118
    • Properties of the Integral
      Calculus 1
      119
    • Calculus 1
      120
    • The Anti Derivative
      Or Primitive
      Calculus 1
      121
    • Definition: Anti Derivative
      Calculus 2
      122
    • Techniques for Finding the Anti Derivative
      Method of Substitution
      Method of By Parts
      Method of Partial Fractions
      Calculus 2
      123
    • 1) Technique of Substitution
      Calculus 2
      124
    • Proof
      Calculus 2
      125
    • The Cook Book Approach Substitution (Plug and Play)
      Calculus 2
      126
    • The Cook Book Approach ( Reverse Substitution)
      Calculus 2
      127
    • Exercises:
      Calculus 2
      128
    • Partial Solutions to Selected Examples:
      Calculus 2
      129
    • Partial Solutions to Selected Class Examples cont..:
      Calculus 2
      130
    • Partial Solutions to Selected Class Exercises cont:
      Calculus 2
      131
    • Exercises: Trigonometric Integrals
      Calculus 2
      132
    • Examples cont…
      Calculus 2
      133
    • Solutions to Selected Exercises:
      Calculus 2
      134
    • Cont…
      Calculus 2
      135
    • Cont…
      Calculus 2
      136
    • Proofs…
      Calculus 2
      137
    • Trigonometric Substitution Motivating Example
      Calculus 2
      138
      y
      x
      t
    • Example Cont…
      Calculus 2
      139
    • Example Cont…
      Calculus 2
      140
      a
      x
      u
    • Further Examples: Integrals Using Trig Substitution and Trig Identities
      Calculus 2
      141
    • Further Examples cont…
      Calculus 2
      142
    • Cont…
      143
      y
      u
      2
      Calculus 2
    • 2)The Technique of “By Parts”:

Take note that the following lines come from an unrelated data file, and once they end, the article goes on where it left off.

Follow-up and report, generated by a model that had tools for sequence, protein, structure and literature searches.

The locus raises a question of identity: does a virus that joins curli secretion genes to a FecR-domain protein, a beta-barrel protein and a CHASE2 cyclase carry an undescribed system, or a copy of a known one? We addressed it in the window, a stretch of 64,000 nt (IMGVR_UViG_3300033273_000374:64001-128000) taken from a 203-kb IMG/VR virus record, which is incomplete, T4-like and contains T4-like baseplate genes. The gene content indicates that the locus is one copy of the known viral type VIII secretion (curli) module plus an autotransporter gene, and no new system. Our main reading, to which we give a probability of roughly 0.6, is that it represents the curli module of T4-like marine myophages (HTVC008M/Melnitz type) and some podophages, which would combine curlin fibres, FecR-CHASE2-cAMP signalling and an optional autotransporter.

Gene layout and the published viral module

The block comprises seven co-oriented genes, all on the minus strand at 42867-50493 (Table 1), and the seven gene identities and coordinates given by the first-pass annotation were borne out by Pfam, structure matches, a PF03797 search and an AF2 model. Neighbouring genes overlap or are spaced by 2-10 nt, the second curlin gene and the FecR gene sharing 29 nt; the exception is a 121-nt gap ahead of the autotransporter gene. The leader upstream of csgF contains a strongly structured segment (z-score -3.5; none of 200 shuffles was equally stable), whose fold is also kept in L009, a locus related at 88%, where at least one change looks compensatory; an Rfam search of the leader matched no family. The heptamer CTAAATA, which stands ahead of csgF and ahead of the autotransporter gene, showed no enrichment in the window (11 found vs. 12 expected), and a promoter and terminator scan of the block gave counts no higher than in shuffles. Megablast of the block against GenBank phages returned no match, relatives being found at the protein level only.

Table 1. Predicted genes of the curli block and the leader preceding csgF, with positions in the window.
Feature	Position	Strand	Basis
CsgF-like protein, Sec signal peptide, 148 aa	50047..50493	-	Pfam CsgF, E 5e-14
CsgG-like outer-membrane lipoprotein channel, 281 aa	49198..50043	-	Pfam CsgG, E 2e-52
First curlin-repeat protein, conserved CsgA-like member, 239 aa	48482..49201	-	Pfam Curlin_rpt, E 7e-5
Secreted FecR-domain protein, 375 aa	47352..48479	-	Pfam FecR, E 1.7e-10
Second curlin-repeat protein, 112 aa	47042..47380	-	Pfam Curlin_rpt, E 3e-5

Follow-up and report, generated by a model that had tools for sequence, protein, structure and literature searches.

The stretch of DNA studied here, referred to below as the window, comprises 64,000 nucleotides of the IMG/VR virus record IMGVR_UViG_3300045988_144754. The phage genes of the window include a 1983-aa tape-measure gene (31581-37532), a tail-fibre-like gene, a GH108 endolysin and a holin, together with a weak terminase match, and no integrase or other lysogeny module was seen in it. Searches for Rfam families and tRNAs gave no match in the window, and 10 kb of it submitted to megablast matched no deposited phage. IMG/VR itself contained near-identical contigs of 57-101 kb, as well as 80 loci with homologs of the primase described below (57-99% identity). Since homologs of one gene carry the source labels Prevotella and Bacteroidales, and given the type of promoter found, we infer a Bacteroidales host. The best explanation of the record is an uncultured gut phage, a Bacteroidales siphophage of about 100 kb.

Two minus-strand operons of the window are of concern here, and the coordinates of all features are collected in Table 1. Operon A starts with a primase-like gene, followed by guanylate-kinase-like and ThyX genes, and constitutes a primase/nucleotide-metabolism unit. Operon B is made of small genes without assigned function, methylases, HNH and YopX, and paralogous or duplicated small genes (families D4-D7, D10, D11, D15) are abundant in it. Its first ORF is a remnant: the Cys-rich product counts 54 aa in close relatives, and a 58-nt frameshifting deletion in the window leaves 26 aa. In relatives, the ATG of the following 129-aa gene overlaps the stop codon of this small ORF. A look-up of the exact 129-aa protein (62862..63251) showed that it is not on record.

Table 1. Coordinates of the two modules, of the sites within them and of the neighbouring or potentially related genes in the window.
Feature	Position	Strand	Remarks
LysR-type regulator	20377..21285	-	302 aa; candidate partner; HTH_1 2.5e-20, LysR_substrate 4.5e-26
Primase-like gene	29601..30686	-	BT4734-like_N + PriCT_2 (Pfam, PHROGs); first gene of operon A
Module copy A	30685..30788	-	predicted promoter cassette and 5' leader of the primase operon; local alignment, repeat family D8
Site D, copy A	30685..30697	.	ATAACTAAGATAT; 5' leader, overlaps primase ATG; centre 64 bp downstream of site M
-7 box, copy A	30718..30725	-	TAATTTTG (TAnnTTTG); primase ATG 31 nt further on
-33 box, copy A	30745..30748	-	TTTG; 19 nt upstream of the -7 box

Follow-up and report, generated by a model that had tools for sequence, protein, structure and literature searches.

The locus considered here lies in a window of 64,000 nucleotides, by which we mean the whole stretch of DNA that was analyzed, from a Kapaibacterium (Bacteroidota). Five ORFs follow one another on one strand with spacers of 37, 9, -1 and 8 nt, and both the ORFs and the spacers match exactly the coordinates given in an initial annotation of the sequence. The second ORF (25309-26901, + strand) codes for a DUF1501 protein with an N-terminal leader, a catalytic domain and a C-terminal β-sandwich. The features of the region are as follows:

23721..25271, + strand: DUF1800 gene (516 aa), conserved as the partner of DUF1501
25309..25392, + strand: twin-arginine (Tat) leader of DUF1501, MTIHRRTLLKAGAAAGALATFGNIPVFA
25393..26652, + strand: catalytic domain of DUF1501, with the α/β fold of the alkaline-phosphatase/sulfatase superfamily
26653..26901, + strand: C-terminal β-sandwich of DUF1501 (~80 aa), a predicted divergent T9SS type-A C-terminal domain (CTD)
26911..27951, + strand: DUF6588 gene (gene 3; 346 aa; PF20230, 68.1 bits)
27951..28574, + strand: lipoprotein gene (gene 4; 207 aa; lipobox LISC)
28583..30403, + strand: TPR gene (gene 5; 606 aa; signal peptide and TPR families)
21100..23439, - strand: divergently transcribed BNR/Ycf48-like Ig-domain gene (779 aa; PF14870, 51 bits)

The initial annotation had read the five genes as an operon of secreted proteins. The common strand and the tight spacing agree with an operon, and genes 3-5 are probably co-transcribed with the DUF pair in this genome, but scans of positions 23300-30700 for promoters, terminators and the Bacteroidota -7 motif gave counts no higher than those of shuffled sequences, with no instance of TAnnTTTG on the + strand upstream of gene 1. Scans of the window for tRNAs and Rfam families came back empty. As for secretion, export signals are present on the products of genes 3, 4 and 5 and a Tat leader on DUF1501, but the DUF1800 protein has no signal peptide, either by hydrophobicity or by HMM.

Calculus 2
      144
    • Proof:
      Calculus 2
      145
    • Cont…
      Calculus 2
      146
    • Calculus 2
      147
      The Cook Book Approach (Plug and Play)
    • Exercises:
      Calculus 2
      148
    • Exercises Cont: Solutions
      Calculus 2
      149
    • Cont..
      Calculus 2
      150
    • Cont…
      Calculus 2
      151
    • 3) Partial Fractions
      Calculus 2
      152
    • 3) The Technique of Partial Fractions..cont
      Calculus 2
      153
    • 3) The Technique of Partial Fractions..cont
      Calculus 2
      154
    • 3) The Technique of Partial Fractions..cont
      Calculus 2
      155
    • Exercises:
      Calculus 2
      156
    • Differential Equations
      An Introduction
      Calculus 1
      157
    • Definition
      A Differential Equation is an equation which contains at least one derivative of an unknown function.
      Calculus 1
      158
    • Examples
      Calculus 1
      159
    • Solution of Differential Equations
      A solution to a differentiable equation is a relation between the variables involved which is:
      Free From Derivatives
      Is Consistent with the Differential Equation
      Calculus 1
      160
    • Comments:
      Calculus 1
      161
      • Y=sin x is a solution to 1
      • 5 is called a Partial Differential Equation
      • All the others are called Ordinary Differential Equations
    • Orders and Degrees
      Calculus 1
      162
      • The Order of a Differential Equation is the order of the derivative of the highest power.
      • The Degree of a Differential Equation is the algebraic degree with which the derivative of the highest order appears in the equation
    • Examples:
      Calculus 1
      163
      • Equations 1 and 6 are first order all others are second order
      • Equation 3 is of degree 3
      • All others are of degree1
    • In this Course :
      Calculus 1
      164
      Calculus 2
    • General Solutions
      Calculus 1
      165
    • General Solution Cont…
      Calculus 1
      166
    • Boundary Conditions
      Calculus 1
      167
    • Techniques for Solving Order One Ordinary Differential Equations
      Separating Variables
      Integrating Factor
      Changing Variables
      Calculus 1
      168
    • Separating Variables Technique
      Calculus 1
      169
    • Example
      Calculus 1
      170
    • Integrating Factor Technique (Linear Equations of Order 1)
      Calculus 1
      171
    • Example1
      Calculus 1
      172
    • Example2
      Calculus 1
      173
    • Example3
      Calculus 1
      174
    • Technique of Changing the Variable
      Calculus 1
      175
      Occasionally an unpleasant looking Differential Equation can be converted into something more manageable by making a change of variable.
      Unfortunately, it is seldom easy to think of an appropriate change
    • Example1:
      Calculus 1
      176
    • Example2:
      Calculus 1
      177
    • Exercises:
      Calculus 1
      178
    • Exercises cont…
      Calculus 1
      179